Rgds


davidw
Novice

Jan 14, 2010, 10:04 AM

Post #14 of 18 (8391 views)
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Re: [raistlin] UV Lights Wattage [In reply to] Can't Post

Hi,

Can I conclude that the advice on submerged UV lights is to switch on only when necessary albeit presence of green water? My pond has just been cleared of green water after installing submerged UV in the pump chamber and I intend to switch it off.... many thanks in advance


cookcpu
User

Jan 14, 2010, 10:37 AM

Post #15 of 18 (8380 views)
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Re: [davidw] UV Lights Wattage [In reply to] Can't Post

Yes you can switch it off if your pond water is clear.

I normally left the UV light on unless I have put medication in my pond or I want to test how mature my filter is currently.


raistlin
User

Jan 14, 2010, 4:13 PM

Post #16 of 18 (8348 views)
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Re: [davidw] UV Lights Wattage [In reply to] Can't Post

Hi Davidw,

Not sure whether I understand your question, but anyway my personal opinion is:

It depends on your objective for the UV. If you're only using it for clearing green water, why keep it on if your water is clear? Unless you know once you switch if off, the green water will come back. (Due high nitrates etc.) Then maybe you need to address the issue of why the free-floating algae is growing so fast? Start doing more water change? Are you over-stocking?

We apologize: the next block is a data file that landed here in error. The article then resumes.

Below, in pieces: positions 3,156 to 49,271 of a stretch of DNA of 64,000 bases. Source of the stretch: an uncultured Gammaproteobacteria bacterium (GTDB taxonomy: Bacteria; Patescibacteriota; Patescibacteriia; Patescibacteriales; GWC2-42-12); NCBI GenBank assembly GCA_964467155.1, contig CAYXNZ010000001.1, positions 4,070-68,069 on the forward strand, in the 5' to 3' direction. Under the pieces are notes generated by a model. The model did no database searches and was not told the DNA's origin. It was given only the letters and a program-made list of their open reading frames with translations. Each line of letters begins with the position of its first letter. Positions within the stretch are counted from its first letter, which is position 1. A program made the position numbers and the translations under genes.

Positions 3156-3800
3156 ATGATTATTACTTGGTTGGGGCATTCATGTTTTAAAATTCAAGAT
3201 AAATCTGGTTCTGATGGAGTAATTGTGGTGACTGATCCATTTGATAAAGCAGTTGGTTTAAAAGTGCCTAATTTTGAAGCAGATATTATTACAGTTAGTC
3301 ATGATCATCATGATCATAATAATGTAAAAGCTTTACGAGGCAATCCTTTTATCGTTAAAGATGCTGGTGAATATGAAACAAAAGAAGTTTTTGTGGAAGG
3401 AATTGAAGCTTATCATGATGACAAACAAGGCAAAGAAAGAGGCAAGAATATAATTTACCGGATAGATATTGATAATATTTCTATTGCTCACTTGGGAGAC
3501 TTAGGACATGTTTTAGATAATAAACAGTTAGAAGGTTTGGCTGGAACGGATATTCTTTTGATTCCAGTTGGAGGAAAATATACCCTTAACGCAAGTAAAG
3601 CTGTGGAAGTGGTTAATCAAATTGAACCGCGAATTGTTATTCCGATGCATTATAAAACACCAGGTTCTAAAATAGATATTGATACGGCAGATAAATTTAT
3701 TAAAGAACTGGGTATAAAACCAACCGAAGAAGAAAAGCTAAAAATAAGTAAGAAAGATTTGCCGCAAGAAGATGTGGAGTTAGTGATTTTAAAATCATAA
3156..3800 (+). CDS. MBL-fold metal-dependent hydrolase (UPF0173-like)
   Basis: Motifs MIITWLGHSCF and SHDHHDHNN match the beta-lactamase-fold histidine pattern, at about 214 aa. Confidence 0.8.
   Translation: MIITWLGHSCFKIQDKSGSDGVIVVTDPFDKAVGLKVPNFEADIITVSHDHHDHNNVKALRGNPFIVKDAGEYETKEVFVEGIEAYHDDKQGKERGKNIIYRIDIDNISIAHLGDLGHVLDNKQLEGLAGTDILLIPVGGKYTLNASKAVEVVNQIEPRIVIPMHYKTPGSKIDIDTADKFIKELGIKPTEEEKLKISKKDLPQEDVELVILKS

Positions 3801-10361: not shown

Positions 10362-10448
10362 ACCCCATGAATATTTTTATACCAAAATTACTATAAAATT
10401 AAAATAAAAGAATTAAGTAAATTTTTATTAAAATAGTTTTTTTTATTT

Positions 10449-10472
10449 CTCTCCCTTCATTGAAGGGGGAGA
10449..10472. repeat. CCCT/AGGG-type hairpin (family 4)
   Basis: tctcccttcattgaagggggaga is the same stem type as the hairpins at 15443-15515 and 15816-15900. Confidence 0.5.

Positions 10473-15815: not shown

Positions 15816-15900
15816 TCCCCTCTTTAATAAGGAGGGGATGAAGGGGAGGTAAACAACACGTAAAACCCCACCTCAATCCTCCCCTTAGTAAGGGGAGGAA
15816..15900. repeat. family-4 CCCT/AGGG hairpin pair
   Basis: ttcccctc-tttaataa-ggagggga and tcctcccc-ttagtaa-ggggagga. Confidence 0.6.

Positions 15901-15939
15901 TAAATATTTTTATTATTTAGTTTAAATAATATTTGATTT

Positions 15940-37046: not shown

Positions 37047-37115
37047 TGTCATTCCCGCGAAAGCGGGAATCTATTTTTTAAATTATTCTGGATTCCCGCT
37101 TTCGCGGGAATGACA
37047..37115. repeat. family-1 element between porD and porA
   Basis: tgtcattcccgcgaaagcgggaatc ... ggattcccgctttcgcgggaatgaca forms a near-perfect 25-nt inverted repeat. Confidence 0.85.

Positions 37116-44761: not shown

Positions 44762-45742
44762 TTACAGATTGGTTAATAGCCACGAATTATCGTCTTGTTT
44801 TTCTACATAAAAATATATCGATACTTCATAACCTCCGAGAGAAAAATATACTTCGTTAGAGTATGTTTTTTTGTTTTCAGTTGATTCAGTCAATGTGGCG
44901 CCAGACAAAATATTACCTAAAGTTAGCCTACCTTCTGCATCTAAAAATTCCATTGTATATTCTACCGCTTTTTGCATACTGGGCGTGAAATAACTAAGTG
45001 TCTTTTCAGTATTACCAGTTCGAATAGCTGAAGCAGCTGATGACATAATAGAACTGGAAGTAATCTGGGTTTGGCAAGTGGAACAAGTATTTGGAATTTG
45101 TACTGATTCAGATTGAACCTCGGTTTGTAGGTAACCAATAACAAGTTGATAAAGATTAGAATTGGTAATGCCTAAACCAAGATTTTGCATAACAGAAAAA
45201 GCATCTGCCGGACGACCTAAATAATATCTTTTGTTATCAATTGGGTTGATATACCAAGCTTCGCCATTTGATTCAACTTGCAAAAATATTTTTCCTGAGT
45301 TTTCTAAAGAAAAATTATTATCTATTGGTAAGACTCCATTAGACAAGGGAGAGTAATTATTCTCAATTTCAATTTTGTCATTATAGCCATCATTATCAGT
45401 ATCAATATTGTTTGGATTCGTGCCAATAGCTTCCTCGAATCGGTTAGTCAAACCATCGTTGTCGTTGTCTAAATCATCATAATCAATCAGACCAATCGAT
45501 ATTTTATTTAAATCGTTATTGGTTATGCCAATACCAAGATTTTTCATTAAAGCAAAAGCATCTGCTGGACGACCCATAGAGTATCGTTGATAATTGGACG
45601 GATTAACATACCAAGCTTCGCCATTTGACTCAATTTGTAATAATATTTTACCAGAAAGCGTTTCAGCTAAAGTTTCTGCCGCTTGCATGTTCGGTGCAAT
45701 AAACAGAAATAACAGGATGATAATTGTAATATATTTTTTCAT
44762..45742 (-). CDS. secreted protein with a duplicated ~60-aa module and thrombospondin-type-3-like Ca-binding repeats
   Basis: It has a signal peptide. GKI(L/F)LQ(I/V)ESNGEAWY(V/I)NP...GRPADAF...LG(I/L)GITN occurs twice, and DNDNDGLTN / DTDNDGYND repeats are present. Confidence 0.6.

Some people use their UVs to sterilise the water. ie. control bacteria level (you need very high wattage then). If your UV is used this way then you should not switch it off.

Btw, still haven't switched my UV back on after 2 months and still clear. Koi still feeding very well so all seems fine.

Best of luck!


davidw
Novice

Jan 15, 2010, 10:09 AM

Post #17 of 18 (8316 views)
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Re: [raistlin] UV Lights Wattage [In reply to] Can't Post

hi cookcpu,
thanks for the confirmation....

hi raistlin,
thanks for the advice, reason for question is juz like to know the general practice for pond hobbyist on UVC....usually i keep my UVC on 24/7 for prevention of greenwater and sterilization especially for my aquariums (enclosed type), and this is the first time I'm using a submerged UVC and for my first pond too Laugh, so not too sure whether it is effective for zapping bugs (btw its 15w or 12w? I think, need to re-check), so since greenwater is gone might as well switch it off, not that it will save on electricity but perhaps to minimise untoward events, some itchyhand neighbour kids or friends of my kids might just open the chamber cover to take a peek when I'm not around..... btw my bio load is pretty low, only 3 kois and some other fishes for a 4-toner but I do get massive sunlight, currently planning some kinda shade.... cheerz


(This post was edited by davidw on Jan 15, 2010, 10:11 AM)


jcwc
Novice

Jan 25, 2010, 3:21 PM

Post #18 of 18 (8190 views)
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Re: [davidw] UV Lights Wattage [In reply to] Can't Post

Hi, good discussion on UV lights. I have a 20W UV light which I leave on 24/7. I didn't know you can turn it off once the water clears (so thanks for that tip).

I wanna ask where is the recommended place to put this UV light? I have a 6 chamber gravity fed filter. Presently my UV light is in chamber no. 2.